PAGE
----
Blazor has landed (albeit only officially supported in “Server” mode for now) and with it comes renewed optimism that javascript isn’t going to be the only front end game in town for the rest of eternity.

But can it, will it, should it ever replace Javascript?

If you’re currently committed to building Web APIs and applications using Vue/Angular/React are you destined to chuck everything in the bin and start all over again from zero?

Honestly? Probably not.

But, having seen the enthusiasm for Blazor at recent conferences and “out there” (the Internet, not aliens), I’m increasingly of the opinion that Blazor is a very good thing;

Here are three reasons why.

Alternatives are important

It’s tempting to assume that everyone has got over their objections to JS, embraced the ecosystem in its entirety and are now happily spinning round on their JS framework treadmill, churning out PWAs and SPAs to their heart’s content.

But, as one person succinctly outlined on /r/dotnet…

“I hate everything about javascript”

Who knows how this person really feels… but it’s fair to assume that some people have not jumped on the JS bandwagon and aren’t exactly happy about the prospect of doing so in the near future.

If you know C# and you’re comfortable operating within the .NET ecosystem, having a JS alternative which enables you to be productive, spin up “modern” web applications which are performant, using the tools you already know and love, sounds like a pretty good option to have up your sleeve.

Web Assembly isn’t just Microsoft

You’ve probably read about the two “modes” which Blazor can run in.

Blazor Server, available now, does all the heavy lifting on the server, transmitting a small amount of data up to the browser to tell it what to render in response to things happening within your application (button clicks etc.)

But Blazor Server is just the start. When Blazor WebAssembly drops next year, you’ll be able to deploy actual .NET DLLs to the browser.

Those DLLS will run on a version of the .NET runtime (in the browser) making it a fully-fledged SPA which happens to be written using C#.

This is enabled thanks to WebAssembly which is built into all modern browsers.

WebAssembly opens up the browser to run languages other then JS, and you can be sure Microsoft aren’t the only company exploring what this means and how they can best make use of it.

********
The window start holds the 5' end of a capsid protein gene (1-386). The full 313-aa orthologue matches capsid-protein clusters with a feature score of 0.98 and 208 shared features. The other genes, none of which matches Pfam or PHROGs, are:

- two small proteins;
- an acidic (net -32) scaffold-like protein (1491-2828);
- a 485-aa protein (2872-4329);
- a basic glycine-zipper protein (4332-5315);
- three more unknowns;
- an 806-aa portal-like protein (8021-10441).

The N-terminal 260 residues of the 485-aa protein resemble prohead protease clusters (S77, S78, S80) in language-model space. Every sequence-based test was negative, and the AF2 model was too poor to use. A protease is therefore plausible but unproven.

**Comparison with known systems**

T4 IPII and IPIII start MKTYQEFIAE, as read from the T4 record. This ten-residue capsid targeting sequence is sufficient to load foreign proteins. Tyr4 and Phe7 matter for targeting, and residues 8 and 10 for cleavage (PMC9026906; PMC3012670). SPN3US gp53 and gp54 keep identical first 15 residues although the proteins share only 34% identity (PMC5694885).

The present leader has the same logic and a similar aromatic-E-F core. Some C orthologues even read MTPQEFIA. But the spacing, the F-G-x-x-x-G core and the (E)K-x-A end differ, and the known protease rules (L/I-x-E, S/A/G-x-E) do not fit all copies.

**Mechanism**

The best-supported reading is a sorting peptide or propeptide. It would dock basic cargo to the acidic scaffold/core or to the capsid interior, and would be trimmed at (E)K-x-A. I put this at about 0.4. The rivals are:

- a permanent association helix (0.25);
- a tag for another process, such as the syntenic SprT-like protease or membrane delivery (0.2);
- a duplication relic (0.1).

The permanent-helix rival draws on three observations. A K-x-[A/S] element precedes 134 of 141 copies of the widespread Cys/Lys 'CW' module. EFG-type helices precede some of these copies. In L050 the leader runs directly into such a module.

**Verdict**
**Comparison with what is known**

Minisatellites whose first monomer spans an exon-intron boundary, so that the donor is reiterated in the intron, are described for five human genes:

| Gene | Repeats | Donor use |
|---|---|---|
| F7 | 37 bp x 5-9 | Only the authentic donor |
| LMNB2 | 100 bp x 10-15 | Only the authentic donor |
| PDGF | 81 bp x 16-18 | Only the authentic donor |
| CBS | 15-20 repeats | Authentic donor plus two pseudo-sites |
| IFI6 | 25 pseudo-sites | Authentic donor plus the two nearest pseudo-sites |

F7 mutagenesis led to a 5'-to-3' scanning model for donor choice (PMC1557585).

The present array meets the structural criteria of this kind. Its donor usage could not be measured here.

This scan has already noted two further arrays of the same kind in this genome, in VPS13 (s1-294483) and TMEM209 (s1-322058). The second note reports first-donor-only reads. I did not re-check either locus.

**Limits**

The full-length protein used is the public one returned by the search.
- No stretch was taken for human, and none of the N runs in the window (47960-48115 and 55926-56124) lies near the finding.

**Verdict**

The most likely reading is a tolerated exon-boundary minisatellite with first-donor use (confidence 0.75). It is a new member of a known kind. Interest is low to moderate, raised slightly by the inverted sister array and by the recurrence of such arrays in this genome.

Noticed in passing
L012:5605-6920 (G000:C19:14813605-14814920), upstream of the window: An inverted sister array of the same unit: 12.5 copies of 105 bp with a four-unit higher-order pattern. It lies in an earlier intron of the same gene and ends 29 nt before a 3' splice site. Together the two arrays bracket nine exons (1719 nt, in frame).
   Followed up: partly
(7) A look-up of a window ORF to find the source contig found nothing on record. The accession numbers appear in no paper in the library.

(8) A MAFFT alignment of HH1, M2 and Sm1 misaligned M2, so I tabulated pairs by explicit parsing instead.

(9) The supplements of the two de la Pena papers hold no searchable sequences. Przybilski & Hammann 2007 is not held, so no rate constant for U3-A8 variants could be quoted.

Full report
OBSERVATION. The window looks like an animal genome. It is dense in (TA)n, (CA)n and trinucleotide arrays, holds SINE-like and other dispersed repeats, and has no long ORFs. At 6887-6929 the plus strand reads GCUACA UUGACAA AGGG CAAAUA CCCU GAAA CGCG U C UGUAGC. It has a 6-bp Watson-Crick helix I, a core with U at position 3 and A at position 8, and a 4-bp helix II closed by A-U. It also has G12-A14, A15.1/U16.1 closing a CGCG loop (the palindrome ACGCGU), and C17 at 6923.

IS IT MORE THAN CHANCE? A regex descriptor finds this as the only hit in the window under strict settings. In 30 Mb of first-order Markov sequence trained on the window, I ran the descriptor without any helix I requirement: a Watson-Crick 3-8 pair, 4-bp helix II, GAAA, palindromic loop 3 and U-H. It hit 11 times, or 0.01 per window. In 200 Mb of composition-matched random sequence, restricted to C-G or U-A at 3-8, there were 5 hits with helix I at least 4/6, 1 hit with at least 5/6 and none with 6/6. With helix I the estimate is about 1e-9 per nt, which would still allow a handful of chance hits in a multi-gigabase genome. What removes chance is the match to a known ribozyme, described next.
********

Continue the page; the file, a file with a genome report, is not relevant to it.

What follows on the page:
Chances are we’re going to see the browser move into areas it previously couldn’t, running more diverse applications as the technology matures and improves.

JS is still a big part of this picture, with WebAssembly able to call into and out of the JS context, but the options will be there to bring the tools and languages you already know to the party.

Shared models between browser and server is a BIG deal

If there’s one pain point which springs up again and again with full stack development it’s the problem of multiple versions of the same model.

With a typical JS based application you’re likely to end up with one version of your Model on the backend (strongly typed, in C# land) and then a completely separate representation of it in javascript (possibly typed if you’re using Typescript).

Keeping these in sync is a royal pain in the ass. It’s really only a matter of time before something changes on the back end causing a breaking change in the front end.

Code generation partially solves this problem, or at least removes the manual process otherwise required to keep the two in sync but still leaves you with two versions of the same model.

Blazor removes the problem entirely.

@inject HttpClient _httpClient

<h3>People</h3>

@foreach (var person in people)
{
    <h1>Hello @person.Name</h1>
}

@code {
    protected List<Person> people { get; set; } = new List<Person>();

    protected override async Task OnInitializedAsync(){
        await LoadPeople();
    }

    private async Task LoadPeople(){
        people = await _httpClient.GetJsonAsync<List<Person>>("http://yourapi.com/people");
    }
}

This is an example of Blazor Client (Web Assembly) using a model Person which is retrieved via an HTTP call to an API.

Just the ability to deserialise the API response into the Person model removes any realistic chance of breaking this application simply by making changes to its models.

(you also get intellisense, which is nice).

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